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tv   Hardball With Chris Matthews  MSNBC  September 9, 2017 2:00am-3:00am PDT

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good morning, everybody. >> ms nbc world headquarters. it's 5:00 a.m. in the west and 2:00 a.m. in the east. hurricane irma is a category 5 storm as it made landfall on cuba late friday. fierce winds pounded the nation with storm surges up to ten feet expected on the coastline. thousands of residents and tourists have been evacuated from low-lying area.
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the storm within 300 miles of maechl. the outer bands invisible from the keys. irma predicted to travel along florida's west coast with hurricane force winds expected across the entire state before heading inland towards tennessee, over 5 million people in florida are under a mandatory evacuation order, many standing in long lines to get into shelters like this one, in miami, that you see on your screen right here. county officials from miami they had are expecting at least 100,000 evacuee, governor scott urge, those who have nom evacuated to leave immediately. >> we are running out of time. the storm is almost here. if you are an evacuation zone, i need to go now. this is a at that time strofk storm our state has never seen. -- catastrophic storm our state has never seen. >> governor scott asking for 100 red cross volunteers and nurses.
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this is a massive operation. florida is not the only state preparing for irma's wrath, even north of florida, georgia governor ordered 540,000 residents on the coast to start evacuating at 8:00 a.m. some heeding that sooner than others, joining people towards atlanta. >> we hear hurricane irma is now a category 4 hurricane downgraded from a category 5. we know that difference. >> it could be a couple miles perhour. >> absolutely. irma has already left a deadly path of destruction in its wake. at least 23 people dead throughout the caribbean. barbuda was left nearly uninhabitantable after irma destroyed 90% of the building there, according to prime minister, downed power lines left nearly 1 million people without rooves. they were torn off buildings and trees, three died on that island as well, in haiti, entire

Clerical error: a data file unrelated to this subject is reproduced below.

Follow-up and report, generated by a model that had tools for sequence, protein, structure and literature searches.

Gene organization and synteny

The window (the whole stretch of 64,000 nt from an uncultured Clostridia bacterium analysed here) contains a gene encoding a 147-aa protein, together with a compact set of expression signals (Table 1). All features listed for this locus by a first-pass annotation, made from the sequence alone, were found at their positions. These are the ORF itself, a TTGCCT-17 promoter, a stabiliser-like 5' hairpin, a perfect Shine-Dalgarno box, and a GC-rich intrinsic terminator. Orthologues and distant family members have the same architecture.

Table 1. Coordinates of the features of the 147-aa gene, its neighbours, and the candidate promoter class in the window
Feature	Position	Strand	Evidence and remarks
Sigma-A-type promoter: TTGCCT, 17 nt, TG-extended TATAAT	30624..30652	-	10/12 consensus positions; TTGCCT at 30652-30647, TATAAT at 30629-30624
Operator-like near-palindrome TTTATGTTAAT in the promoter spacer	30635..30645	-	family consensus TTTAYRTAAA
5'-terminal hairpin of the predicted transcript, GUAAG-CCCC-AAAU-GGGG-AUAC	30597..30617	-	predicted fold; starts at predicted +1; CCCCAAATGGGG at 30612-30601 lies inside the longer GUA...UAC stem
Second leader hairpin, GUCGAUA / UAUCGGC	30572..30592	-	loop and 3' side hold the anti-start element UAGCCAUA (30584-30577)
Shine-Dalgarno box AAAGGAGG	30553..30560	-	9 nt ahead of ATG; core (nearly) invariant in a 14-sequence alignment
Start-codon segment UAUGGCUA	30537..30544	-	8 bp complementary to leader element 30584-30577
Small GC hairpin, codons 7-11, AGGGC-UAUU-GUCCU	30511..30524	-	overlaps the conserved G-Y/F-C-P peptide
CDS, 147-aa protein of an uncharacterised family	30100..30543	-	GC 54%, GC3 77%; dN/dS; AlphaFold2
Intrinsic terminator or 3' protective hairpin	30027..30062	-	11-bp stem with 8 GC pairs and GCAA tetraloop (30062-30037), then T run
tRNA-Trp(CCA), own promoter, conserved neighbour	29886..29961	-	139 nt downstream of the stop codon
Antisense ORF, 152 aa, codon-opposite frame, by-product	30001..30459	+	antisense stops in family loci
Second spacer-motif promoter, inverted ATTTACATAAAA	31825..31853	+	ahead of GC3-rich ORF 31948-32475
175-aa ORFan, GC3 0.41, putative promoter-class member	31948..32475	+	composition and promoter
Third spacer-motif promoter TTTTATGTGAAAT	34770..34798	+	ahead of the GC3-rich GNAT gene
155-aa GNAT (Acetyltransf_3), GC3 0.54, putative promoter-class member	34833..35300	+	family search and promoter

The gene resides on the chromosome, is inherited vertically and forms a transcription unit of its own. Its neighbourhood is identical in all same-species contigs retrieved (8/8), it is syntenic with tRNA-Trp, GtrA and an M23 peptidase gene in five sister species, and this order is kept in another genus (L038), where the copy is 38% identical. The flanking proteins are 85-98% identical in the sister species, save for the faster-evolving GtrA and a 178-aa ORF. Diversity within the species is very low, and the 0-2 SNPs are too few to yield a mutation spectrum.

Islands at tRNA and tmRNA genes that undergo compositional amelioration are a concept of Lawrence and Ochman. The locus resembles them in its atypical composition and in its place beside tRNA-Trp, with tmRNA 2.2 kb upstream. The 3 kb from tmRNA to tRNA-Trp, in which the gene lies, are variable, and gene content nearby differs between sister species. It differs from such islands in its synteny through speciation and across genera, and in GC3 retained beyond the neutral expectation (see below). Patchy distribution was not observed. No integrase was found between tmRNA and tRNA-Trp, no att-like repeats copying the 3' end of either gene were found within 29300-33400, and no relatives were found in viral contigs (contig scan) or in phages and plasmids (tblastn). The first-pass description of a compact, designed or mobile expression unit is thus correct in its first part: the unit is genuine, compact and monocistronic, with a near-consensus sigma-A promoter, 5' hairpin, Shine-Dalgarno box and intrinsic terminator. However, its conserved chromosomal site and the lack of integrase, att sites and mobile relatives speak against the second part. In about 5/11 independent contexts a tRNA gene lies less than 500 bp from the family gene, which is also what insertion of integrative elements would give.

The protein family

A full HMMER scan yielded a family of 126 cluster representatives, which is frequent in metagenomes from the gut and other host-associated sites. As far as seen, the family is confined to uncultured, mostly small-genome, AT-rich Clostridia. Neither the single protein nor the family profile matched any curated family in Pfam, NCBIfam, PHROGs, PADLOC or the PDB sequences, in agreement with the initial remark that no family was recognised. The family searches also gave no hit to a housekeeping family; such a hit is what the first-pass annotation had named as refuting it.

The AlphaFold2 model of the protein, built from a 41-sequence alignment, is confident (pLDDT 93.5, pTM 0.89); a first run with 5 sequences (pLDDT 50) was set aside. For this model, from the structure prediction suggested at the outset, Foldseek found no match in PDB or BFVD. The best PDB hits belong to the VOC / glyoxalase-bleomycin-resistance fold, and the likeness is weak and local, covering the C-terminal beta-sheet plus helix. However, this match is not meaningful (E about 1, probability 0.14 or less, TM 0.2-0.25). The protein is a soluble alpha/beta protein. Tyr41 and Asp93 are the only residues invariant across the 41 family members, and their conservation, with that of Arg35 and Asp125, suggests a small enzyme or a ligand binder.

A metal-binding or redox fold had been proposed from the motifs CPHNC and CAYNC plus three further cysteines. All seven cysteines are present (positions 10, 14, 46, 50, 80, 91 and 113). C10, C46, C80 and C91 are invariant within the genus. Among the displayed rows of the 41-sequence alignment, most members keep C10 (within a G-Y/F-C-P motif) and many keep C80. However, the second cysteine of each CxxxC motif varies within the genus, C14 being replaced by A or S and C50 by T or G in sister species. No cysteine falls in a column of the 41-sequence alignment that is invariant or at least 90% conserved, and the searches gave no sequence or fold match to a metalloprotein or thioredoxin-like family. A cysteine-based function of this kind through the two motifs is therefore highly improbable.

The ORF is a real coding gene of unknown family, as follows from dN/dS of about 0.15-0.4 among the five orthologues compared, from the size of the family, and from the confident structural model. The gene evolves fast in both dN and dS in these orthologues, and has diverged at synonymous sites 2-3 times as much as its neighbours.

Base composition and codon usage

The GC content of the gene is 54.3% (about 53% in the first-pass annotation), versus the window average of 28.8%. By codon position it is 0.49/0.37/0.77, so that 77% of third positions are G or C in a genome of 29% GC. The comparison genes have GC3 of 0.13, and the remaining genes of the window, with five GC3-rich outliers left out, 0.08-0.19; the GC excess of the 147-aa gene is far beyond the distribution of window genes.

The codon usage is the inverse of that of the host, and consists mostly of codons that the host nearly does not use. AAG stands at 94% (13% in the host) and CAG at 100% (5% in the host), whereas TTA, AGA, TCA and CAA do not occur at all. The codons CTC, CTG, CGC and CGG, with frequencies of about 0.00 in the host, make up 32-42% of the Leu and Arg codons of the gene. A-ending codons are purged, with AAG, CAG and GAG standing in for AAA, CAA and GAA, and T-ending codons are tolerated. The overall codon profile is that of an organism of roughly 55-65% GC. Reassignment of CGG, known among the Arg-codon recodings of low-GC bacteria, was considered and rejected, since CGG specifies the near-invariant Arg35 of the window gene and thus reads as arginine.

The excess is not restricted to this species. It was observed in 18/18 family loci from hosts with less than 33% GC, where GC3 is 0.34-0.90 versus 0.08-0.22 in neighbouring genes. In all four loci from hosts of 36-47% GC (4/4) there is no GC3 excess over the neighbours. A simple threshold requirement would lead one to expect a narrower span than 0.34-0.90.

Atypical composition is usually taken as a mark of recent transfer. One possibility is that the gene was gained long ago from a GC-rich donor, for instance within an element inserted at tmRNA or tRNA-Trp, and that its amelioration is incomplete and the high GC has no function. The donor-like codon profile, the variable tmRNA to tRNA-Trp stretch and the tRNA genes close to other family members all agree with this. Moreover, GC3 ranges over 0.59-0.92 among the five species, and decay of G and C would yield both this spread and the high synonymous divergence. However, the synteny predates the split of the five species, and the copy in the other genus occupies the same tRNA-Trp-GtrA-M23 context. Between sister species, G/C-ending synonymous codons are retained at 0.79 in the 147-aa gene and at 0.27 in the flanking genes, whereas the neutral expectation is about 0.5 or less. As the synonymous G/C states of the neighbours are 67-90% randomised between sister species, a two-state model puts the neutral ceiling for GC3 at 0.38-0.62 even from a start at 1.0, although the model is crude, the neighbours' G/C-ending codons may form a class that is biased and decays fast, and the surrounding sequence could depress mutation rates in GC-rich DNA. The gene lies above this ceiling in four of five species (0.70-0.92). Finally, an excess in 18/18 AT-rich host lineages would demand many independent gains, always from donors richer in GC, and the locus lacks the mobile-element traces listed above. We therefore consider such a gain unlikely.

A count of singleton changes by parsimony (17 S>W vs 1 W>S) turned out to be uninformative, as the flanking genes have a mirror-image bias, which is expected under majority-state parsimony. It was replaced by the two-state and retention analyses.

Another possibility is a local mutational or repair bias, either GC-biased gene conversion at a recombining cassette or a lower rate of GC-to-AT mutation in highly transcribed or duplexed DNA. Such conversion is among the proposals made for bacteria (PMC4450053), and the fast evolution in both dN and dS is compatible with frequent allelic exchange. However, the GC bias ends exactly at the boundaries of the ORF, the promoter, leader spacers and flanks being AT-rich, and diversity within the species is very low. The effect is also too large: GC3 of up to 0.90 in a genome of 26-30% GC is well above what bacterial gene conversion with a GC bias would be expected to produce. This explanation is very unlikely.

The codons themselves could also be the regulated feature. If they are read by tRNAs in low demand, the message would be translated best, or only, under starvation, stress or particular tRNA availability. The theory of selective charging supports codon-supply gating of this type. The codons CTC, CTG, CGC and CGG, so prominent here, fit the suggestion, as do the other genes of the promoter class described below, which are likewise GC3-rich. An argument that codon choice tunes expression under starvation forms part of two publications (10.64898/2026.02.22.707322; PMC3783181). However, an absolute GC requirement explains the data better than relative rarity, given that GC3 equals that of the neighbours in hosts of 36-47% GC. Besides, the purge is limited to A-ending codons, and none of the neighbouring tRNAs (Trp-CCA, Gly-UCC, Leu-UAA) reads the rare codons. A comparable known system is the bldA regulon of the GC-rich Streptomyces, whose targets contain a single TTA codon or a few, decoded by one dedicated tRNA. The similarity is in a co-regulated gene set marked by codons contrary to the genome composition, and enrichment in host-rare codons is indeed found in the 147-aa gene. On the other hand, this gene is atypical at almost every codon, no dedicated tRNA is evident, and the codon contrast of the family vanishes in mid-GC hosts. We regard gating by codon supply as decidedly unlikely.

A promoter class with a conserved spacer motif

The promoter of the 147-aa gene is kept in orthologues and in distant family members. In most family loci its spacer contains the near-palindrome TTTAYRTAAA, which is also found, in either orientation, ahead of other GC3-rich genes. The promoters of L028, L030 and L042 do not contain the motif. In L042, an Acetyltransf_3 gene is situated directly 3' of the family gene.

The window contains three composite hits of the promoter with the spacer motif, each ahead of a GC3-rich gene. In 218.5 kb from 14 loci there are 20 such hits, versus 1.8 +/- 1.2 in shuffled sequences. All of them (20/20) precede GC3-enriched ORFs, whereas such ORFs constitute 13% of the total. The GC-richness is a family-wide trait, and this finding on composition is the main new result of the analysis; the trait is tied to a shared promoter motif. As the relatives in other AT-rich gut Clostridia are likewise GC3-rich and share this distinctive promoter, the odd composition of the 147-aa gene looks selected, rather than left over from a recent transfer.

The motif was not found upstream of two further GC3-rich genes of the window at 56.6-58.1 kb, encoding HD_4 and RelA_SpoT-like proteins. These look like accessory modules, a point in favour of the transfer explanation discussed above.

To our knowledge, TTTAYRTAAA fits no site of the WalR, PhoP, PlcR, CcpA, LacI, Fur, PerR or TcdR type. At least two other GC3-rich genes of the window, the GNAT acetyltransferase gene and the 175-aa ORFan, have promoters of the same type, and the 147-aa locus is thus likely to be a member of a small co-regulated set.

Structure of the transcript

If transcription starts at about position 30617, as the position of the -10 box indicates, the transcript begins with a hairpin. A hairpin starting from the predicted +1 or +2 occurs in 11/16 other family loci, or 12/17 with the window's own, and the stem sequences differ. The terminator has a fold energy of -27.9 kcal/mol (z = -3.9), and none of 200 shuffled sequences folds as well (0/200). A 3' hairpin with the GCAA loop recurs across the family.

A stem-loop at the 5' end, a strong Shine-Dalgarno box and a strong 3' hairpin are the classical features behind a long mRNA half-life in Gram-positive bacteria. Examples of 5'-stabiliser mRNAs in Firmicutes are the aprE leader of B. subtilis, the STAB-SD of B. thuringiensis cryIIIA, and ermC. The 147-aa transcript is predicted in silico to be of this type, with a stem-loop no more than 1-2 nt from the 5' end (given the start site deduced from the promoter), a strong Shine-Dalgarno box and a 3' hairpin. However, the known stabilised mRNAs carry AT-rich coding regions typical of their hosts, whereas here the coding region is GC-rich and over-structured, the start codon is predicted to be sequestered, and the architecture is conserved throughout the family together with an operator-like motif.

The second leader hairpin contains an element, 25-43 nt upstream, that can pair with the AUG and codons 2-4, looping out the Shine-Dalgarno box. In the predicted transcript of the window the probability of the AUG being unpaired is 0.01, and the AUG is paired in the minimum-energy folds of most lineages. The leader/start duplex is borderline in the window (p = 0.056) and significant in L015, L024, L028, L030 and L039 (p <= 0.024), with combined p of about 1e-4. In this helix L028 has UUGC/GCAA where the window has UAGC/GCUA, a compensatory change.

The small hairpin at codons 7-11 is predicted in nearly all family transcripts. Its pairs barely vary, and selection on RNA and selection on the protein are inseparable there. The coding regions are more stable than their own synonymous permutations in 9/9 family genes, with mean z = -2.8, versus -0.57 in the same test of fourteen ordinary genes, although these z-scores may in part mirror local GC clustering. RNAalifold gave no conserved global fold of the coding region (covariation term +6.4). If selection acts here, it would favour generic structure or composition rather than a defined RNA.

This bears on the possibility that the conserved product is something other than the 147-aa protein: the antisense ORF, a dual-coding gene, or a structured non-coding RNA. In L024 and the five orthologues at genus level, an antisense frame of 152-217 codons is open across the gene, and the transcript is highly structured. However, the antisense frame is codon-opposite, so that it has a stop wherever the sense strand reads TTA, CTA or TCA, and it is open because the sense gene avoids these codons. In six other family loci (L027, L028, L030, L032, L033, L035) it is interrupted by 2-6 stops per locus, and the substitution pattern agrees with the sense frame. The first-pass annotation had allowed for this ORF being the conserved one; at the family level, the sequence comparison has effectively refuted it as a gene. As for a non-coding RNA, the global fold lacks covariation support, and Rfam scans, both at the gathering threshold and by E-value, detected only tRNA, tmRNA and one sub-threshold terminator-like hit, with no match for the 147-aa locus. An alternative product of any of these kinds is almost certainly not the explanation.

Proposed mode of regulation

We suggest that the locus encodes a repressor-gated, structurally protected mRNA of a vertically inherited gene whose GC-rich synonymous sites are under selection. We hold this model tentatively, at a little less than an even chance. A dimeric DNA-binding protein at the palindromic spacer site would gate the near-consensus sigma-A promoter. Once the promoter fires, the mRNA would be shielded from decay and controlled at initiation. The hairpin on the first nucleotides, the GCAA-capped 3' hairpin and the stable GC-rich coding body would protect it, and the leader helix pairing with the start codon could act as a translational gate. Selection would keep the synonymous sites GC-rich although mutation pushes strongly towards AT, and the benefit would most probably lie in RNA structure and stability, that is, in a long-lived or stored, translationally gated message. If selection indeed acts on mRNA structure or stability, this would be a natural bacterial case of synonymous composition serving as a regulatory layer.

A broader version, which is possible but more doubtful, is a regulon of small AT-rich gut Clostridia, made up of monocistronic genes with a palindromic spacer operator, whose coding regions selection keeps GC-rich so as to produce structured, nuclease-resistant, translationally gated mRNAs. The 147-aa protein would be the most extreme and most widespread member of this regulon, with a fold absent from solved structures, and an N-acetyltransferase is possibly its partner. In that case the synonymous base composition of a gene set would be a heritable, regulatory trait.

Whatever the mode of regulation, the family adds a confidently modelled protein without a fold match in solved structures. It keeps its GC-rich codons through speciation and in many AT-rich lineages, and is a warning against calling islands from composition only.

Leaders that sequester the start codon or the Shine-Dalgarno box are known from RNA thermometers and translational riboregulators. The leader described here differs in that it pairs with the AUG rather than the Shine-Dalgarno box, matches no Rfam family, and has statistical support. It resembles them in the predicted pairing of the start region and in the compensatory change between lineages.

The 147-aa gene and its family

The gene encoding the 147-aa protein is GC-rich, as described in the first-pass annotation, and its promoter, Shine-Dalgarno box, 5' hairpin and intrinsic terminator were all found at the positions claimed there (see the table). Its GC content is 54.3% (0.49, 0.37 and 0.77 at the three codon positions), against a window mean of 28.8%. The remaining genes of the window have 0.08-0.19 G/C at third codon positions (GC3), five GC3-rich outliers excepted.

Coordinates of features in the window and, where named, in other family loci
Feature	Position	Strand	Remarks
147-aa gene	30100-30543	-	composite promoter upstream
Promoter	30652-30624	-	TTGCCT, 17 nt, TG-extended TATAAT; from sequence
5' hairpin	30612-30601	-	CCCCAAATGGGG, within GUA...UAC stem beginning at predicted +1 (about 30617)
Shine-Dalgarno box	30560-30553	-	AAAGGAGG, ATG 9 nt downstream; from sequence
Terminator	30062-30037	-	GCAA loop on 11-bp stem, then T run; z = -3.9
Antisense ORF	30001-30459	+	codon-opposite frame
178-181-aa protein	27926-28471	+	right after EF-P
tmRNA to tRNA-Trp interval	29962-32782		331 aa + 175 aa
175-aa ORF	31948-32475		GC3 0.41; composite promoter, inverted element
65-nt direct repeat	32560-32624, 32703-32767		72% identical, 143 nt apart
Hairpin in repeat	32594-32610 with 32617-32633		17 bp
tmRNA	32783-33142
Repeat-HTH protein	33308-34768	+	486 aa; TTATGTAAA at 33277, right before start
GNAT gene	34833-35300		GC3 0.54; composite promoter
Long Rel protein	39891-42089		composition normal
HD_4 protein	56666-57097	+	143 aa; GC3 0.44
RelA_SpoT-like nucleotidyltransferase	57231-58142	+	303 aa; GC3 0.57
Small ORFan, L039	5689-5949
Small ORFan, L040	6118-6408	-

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neighborhoods were left flooded in the impoverished nation. residents returning home to save whatever was left of their belongings. for many in the caribbean, the worst may not be over with hurricane jose now closing in. >> all right, so gas stations as you can imagine are running dry across the state as millions pack up and head north try to get out of the storm's path. philip mena is at one of those station, obviously, the sentiment and anxiety adding to people's fears as they try to get out of the storm's path. how is it playing out at gas stations? are gas stations able meet the demands of folks trying to evacuate these areas? are they struggling as well? >> reporter: well, even the good news is, is there aren't too many people here to try to get gas at this point. we have been here all through the night and to set the scene, i am on ocean boulevard, which is ocean drive rather, which is
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usually bustling if it weren't for this evacuation him now it's pretty much a ghost town at this point. this is a 7/11. it had pass the for ten minutes before they finally came out and shut down the pumps saying there is no more gas here. all we seen is a few stragglers here and there, trying to get last-minute supplies to hunker down and ride out this storm, right in place. we talked to one of them earlier. here's what he had to say. >> friend said they had to place to go. we got there it wasn't a place to go. i called my boss, he has a three-story apartment, over there he let me stay in there. the last second i have to grab what i can grab. >> reporter: it's hard to find anything. >> there is nothing over opened at this hour. this is the only place opened at this hour. >> reporter: what did you need to get in. >> sandwiches, thing like that,
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in case the fire goes out. i have water, plenty of water. just enough to keep me going a couple of days until this subsides, hopefully. >> reporter: yeah, the options are running thin here. this seven-11 is pretty much the thing around here, even the guy working says they will close in a few hours, no gas here, so there aren't vehicles that have come by. people that have decided to leave for the most part as far as we've seen have already made that decision. they have already hit the road, so only a few bake convenient store pumps u ite store items and that will be shut down as hurricane irma comes in this direction. >> i have been wondering, you have these gas stations, wal martz before hurricane irma comes through that area. what about the workers there, have you been talking to them? how have they getting out? are they staying through to help